Dash cam

Dashcam video of soldier making McComb arrest released

The Mississippi Department of Public Safety (“DPS”), Mississippi Highway Safety Patrol (“MHSP”) and Mississippi Bureau of Investigation (“MBI”) released a statement along with camera footage dashboard after completing all necessary investigations into an incident involving a state trooper that occurred in McComb on Aug. 5. The incident received significant attention on social media and in the media after a video streamed live by the arrestees’ brother went viral.

“A review of this incident by MBI officers and command staff has produced no evidence of criminal conduct on the part of the soldier throughout the encounter,” said MBI Director Lt. Col. Charles Haynes .

The brother’s video shows what many viewers considered excessive force used by a soldier, at one point appearing to use his knee to pin him down. “This is how George Floyd died,” shouts the brother, Packer Lewis, recording the incident.

Commissioner Sean Tindell commented: “While DPS and MHSP recognize and respect the right of citizens to observe and even record law enforcement officers in the performance of their duties, these rights are not not without limits. As you will see, this event is a prime example of how even a routine traffic stop can quickly turn into a dangerous situation for citizens and law enforcement when subjects resist arrest and when uninvolved people interfere.

The video released by authorities combines and syncs footage from the implicated soldier’s dashboard and cabin cameras with the phone video that has been widely shared on social media. The relevant events of August 5 are timestamped below, as follows: Trooper Hayden Falvey initiated a traffic stop on Eugene Lewis after observing Mr. Lewis on Delaware Avenue in McComb moving at high speed, passing vehicles on the right , not wearing a seatbelt and speeding through an intersection after the light turned from green to yellow.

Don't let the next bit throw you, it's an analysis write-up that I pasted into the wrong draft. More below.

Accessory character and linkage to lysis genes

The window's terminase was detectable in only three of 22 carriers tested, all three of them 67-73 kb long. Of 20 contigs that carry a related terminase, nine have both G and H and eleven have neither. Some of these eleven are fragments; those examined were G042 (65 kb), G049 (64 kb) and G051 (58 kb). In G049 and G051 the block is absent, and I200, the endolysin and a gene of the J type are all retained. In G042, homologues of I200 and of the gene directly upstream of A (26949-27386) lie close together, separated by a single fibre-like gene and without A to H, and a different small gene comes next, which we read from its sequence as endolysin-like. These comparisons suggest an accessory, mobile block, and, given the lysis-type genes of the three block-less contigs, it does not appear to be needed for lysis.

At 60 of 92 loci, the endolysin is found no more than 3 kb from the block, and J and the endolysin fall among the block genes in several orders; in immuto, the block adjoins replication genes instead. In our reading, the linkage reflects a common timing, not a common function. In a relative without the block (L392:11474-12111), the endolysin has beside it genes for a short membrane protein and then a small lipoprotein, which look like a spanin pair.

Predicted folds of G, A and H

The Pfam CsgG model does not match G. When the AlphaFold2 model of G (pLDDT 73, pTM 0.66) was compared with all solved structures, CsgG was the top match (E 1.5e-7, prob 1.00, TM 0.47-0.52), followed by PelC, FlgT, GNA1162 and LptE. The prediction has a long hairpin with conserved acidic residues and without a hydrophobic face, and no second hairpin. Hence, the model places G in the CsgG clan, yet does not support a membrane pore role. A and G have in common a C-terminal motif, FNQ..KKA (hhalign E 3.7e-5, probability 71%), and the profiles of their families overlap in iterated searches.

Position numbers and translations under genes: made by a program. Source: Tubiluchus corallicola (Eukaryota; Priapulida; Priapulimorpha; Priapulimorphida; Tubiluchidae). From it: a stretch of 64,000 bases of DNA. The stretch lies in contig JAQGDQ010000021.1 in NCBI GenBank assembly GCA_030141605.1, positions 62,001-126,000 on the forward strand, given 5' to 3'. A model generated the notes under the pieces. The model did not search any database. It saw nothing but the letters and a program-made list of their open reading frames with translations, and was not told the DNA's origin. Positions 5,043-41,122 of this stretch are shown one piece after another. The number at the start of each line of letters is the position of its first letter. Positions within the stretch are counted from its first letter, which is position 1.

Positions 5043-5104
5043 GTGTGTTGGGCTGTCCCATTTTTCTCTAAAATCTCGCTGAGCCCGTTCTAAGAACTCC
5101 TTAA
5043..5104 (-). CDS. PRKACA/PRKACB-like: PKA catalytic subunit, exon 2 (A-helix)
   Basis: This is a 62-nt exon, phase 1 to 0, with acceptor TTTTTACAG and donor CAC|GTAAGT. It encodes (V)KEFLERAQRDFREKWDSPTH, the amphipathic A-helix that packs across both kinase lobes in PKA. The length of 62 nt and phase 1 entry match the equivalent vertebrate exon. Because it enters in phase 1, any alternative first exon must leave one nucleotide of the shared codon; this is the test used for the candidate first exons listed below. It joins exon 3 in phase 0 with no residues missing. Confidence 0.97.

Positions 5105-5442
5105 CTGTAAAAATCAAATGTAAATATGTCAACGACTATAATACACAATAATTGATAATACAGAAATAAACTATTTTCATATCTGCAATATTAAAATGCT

[WARNING: The video embedded below is the dash cam footage from the trooper’s vehicle. Some scenes may be disturbing for some viewers]

Private Falvey pursued E. Lewis, eventually arresting him on Schmidt Road. This area is rural and sparsely populated. Approaching the vehicle of E. Lewis, Cavalier Falvey smelled a strong smell of burning marijuana coming from the vehicle. He noted that the eyes of E. Lewis were bloodshot and glassy and there was a strong smell of burnt marijuana on his breath. It was determined at that time that the driver’s license of E. Lewis had been suspended and was driving without liability insurance. E. Lewis admitted to Cavalier Falvey that there may have been a burnt marijuana cigarette, or “cockroach,” in his vehicle. [0:55]. He also admitted to smoking marijuana about 45 minutes to 1 hour before the traffic stop. [1:10].

Having developed probable cause that E. Lewis was driving his vehicle under the influence of marijuana and may be in possession of illegal narcotics, Cavalier Falvey placed E. Lewis in handcuffs and began to search his vehicle. [2:10]. During the search of the vehicle, Gary and Derrius Lewis arrived in a Dodge Charger, pulled over in the road, and got out of their vehicle. [14:45]. They identified themselves as the brothers of E. Lewis. [15:00]. Because he had no backup and was in an unpopulated area, Cavalier Falvey ordered G. Lewis and D. Lewis to return to their vehicle and leave the scene. This order was given for the safety of Cavalier Falvey and everyone involved. After initially protesting, G. Lewis and D. Lewis left the scene.

When Cavalier Falvey informed E. Lewis that he was under arrest and attempted to place and restrain him in the front passenger seat of Cavalier Falvey’s police cruiser, E. Lewis became belligerent and physically resisted. [16:45]. At this time, Cavalier Falvey radioed the Dispatch and requested assistance. [18:28]. Rider Falvey was still trying to get E. Lewis resisting into the cruiser and buckle it up when G. Lewis and D. Lewis returned to the scene, stopped again in the road, and got out of their vehicle again. [18:50]. Believing he had locked E. Lewis in the front seat of his cruiser, Cavalier Falvey advanced to the rear of the cruiser and again ordered G. Lewis and D. Lewis to return to their vehicle and to leave the premises. [19:06]. Unfortunately, E. Lewis had not been tied down, and he immediately got out of the vehicle and began yelling at Cavalier Falvey.